Linda Holmes

Linda Holmes writes and edits NPR's entertainment and pop-culture blog, Monkey See. She has several elaborate theories involving pop culture and monkeys, all of which are available on request.

Holmes began her professional life as an attorney. In time, however, her affection for writing, popular culture and the online universe eclipsed her legal ambitions. She shoved her law degree in the back of the closet, gave its living-room space to DVD sets of The Wire and never looked back.

Holmes was a writer and editor at Television Without Pity, where she recapped several hundred hours of programming — including both High School Musical movies, for which she did not receive hazard pay. Since 2003, she has been a contributor to MSNBC.com, where she has written about books, movies, television and pop-culture miscellany.

Holmes' work has also appeared on Vulture (New York magazine's entertainment blog), in TV Guide and in many, many legal documents.

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Movie Reviews
7:12 am
Sat April 19, 2014

'Say Anything,' Still Full Of Guileless Affection

Originally published on Sat April 19, 2014 10:40 am

Transcript

WADE GOODWYN, HOST:

You're listening to WEEKEND EDITION from NPR News. Twenty-five years ago, Lloyd Dobler raised a boombox over his head and changed the world of movie boyfriends forever.

(SOUNDBITE OF SONG, "IN YOUR EYES")

PETER GABRIEL: (Singing) All my instincts, they return.

GOODWYN: Linda Holmes of our pop culture blog "Monkey See" was a teenager when she first saw the film "Say Anything..." She says all these years later, she has a new appreciation of it.

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Monkey See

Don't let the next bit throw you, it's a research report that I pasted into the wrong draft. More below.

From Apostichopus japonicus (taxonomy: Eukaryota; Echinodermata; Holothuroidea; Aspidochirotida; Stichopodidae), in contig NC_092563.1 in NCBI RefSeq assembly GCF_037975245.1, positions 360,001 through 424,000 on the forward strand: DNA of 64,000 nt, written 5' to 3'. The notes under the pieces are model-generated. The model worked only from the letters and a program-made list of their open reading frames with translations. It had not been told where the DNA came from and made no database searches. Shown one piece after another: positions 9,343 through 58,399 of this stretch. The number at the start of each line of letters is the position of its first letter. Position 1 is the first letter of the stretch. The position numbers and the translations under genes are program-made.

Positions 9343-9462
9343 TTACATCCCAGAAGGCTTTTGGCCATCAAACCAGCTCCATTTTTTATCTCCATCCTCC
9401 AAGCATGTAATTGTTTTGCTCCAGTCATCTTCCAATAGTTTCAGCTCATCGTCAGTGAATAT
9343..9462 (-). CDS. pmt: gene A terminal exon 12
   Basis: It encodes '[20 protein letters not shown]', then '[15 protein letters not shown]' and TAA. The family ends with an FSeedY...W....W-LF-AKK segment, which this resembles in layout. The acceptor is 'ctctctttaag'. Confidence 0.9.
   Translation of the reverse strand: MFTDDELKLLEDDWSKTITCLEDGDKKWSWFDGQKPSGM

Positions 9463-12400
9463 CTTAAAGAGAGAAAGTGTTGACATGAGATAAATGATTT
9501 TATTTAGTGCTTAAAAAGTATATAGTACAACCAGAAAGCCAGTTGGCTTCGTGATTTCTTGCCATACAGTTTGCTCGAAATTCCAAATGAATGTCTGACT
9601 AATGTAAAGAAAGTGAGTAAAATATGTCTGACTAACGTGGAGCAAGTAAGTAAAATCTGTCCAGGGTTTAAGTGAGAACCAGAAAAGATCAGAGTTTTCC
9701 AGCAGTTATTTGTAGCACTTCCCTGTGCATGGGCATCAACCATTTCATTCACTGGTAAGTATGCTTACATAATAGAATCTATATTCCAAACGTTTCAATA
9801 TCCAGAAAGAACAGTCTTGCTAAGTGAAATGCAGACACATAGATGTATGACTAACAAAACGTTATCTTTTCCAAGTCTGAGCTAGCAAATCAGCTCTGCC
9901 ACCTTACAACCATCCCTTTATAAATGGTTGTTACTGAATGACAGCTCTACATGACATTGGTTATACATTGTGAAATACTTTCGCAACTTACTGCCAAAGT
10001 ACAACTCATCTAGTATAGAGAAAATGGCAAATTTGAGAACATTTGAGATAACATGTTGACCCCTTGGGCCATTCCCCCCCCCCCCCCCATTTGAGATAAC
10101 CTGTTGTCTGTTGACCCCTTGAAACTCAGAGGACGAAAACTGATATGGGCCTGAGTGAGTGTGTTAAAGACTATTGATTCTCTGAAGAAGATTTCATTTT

2:34 pm
Mon March 3, 2014

Stages Of Winter Rage

A man shovels snow. He's probably around the middle one of all the stages of rage, we figure. Though if he were sobbing, you couldn't see it.
Lisa Kyle Young iStockphoto

Originally published on Mon March 3, 2014 10:54 am

[The following is a purely speculative, hypothetical story of winter. It corresponds to no actual meteorological data.]

October 20: Eeeeeeee! Snow in the forecast! Eeeeeeee!

October 21: I saw flakes! Here's an Instagram of flakes out my window! You can't really see them, but they're there, I promise! Flakes!

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Monkey See
10:34 am
Mon February 10, 2014

Why The 'Man's-Man Game' Is An Insult To Men

Michael Sam, seen here in November 2013, told The New York Times over the weekend that he's gay.
Joe Robbins Getty Images

Originally published on Mon February 10, 2014 3:06 pm

Michael Sam, the SEC defensive player of the year out of Missouri, talked about being gay in an interview with The New York Times that ran Sunday, although his college coaches and teammates already knew. Sam was expected to be a solid NFL draft pick in May, making this a particularly intriguing time for him to come out. Assuming he's drafted, Sam would become the first active NFL athlete to be openly gay.

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Monkey See
3:31 pm
Mon September 9, 2013

A Toronto Film Chat, From Two Jake Gyllenhaals To Three Daniel Radcliffes

Jesse Eisenberg stars in The Double, which is screening at the Toronto International Film Festival.
Toronto International Film Festival

Originally published on Tue September 10, 2013 4:20 pm